"Our findings challenge the long held notion that African Americans do better than whites on dialysis. If we can determine, and somehow modify the impact of inflammation, we may be able to improve survival for all patients treated with dialysis," said Dr. Crews.


'/>"/>
Contact: Adrienne Lea
alea@asn-online.org
202-503-6560
American Society of Nephrology
Source:Eurekalert

Related medicine news :

1. Paxil Blocks Tamoxifen, Lowers Survival Odds Against Breast Cancer
2. Certain genetic profiles associated with recurrence-free survival for non-small cell lung cancer
3. Survival benefit with high-intensity end-of-life approaches
4. Aspirin May Boost Breast Cancer Survival
5. Research validates surgery alone offers reasonable overall survival for stage I SCLC
6. News brief: ALDH associated with worse overall survival in patients with pancreatic adenocarcinoma
7. Drug Improved Survival in Mice With Cystic Fibrosis
8. Combined drug therapy to treat TB and HIV significantly improves survival
9. Pre-Diagnosis Diet Linked to Ovarian Cancer Survival
10. Poniard Pharmaceuticals Presents Positive Survival Data from a Phase 2 Clinical Study of Picoplatin in Metastatic Prostate Cancer at the 2010 American Society of Clinical Oncology Genitourinary Cancers Symposium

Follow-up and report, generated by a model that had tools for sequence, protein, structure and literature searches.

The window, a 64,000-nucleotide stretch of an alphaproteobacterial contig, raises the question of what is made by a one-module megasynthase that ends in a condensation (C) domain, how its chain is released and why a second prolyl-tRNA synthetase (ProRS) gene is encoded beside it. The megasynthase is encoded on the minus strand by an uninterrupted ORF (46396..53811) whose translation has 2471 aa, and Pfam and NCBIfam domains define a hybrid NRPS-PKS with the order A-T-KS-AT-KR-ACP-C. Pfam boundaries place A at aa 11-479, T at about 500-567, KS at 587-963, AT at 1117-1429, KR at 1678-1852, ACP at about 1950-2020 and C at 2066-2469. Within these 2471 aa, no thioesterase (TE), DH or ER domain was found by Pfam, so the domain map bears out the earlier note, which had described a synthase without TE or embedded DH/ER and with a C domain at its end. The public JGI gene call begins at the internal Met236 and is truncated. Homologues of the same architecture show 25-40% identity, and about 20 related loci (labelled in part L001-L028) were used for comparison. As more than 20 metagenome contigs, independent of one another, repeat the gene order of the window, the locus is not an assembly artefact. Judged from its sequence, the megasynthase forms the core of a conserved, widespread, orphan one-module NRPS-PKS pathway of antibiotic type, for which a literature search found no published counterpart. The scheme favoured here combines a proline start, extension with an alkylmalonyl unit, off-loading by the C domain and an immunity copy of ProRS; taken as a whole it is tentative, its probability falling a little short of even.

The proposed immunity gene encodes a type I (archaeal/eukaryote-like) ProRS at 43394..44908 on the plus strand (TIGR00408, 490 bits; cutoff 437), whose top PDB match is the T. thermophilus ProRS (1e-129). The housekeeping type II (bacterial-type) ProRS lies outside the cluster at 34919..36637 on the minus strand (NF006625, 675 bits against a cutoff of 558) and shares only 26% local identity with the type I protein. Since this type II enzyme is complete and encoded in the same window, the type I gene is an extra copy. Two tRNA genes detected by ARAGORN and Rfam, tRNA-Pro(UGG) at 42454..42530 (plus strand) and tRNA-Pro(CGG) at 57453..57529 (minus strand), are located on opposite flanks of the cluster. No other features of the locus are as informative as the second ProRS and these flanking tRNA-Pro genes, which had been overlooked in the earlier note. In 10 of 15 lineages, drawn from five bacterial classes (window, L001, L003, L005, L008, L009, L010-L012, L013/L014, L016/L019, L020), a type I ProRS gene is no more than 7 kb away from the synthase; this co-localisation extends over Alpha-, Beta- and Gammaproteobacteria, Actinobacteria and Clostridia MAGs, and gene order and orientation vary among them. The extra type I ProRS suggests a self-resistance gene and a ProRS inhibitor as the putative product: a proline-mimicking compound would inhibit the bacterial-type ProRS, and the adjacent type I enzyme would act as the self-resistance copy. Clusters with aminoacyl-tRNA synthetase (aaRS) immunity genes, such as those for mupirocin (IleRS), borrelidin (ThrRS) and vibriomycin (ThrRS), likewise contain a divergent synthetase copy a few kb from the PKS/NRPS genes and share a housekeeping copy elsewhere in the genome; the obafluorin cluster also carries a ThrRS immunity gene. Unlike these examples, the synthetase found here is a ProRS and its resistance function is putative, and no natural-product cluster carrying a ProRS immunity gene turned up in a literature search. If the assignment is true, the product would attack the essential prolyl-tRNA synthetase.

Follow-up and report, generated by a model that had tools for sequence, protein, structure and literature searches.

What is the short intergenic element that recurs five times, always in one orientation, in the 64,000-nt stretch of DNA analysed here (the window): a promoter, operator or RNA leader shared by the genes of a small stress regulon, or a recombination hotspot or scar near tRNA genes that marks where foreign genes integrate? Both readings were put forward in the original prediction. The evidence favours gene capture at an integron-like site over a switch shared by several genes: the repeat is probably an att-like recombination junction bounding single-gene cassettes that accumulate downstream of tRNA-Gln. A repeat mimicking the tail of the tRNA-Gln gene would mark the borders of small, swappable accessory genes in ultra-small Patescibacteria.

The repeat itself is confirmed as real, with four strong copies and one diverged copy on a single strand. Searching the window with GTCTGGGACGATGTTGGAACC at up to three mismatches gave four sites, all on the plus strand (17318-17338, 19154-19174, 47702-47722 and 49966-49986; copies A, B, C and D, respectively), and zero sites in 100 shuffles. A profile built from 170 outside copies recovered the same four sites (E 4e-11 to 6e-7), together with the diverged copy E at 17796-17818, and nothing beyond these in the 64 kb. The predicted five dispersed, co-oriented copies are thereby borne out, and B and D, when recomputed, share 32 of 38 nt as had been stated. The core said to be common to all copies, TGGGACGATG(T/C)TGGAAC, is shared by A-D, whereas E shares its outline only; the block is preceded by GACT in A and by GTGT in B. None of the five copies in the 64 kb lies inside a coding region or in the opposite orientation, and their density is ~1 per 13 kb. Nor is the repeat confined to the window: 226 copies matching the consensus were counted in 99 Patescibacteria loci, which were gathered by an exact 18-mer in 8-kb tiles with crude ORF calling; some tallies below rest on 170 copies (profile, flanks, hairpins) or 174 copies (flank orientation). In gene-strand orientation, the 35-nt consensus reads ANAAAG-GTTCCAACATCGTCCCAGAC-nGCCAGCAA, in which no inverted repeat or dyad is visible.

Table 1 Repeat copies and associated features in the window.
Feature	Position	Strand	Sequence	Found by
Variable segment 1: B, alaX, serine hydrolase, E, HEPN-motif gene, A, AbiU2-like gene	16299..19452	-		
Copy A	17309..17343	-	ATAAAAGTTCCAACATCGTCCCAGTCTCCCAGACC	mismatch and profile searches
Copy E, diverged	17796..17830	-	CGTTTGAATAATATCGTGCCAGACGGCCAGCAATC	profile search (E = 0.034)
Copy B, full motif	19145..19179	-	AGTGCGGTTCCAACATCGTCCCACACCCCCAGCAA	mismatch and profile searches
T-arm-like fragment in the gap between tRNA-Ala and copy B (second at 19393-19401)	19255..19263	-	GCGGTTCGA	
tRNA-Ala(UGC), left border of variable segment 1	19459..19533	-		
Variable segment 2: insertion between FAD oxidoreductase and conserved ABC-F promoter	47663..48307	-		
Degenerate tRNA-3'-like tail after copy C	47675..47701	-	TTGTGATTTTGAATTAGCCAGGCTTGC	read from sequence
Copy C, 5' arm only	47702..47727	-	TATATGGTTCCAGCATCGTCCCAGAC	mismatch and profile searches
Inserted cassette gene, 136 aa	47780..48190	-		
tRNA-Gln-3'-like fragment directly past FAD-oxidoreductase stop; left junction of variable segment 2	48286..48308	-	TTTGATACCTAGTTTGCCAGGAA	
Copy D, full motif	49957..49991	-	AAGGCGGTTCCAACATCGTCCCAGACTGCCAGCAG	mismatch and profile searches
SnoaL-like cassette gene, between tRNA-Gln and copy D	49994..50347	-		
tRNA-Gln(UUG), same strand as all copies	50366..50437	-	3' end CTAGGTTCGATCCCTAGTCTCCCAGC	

11. Recent Earthquakes Across the World Underscore the Importance of Emergency Preparedness Supplies and Survival Kits for Individuals, Families and Businesses
Post Your Comments:
*Name:
*Comment:
*Email:
(Date:10/13/2017)... ... October 13, 2017 , ... As health professionals work to improve their ... The patient is doing more than filling out a survey; in many cases health ... increasing emphasis in health care and research on the importance of active engagement with ...
(Date:10/13/2017)... ... , ... The American Board of Family Medicine's (ABFM) Board of Directors has ... succeeding Dr. James C. Puffer upon his retirement. Dr. Newton will serve in the ... at the end of 2018. Upon assuming the role of President and CEO on ...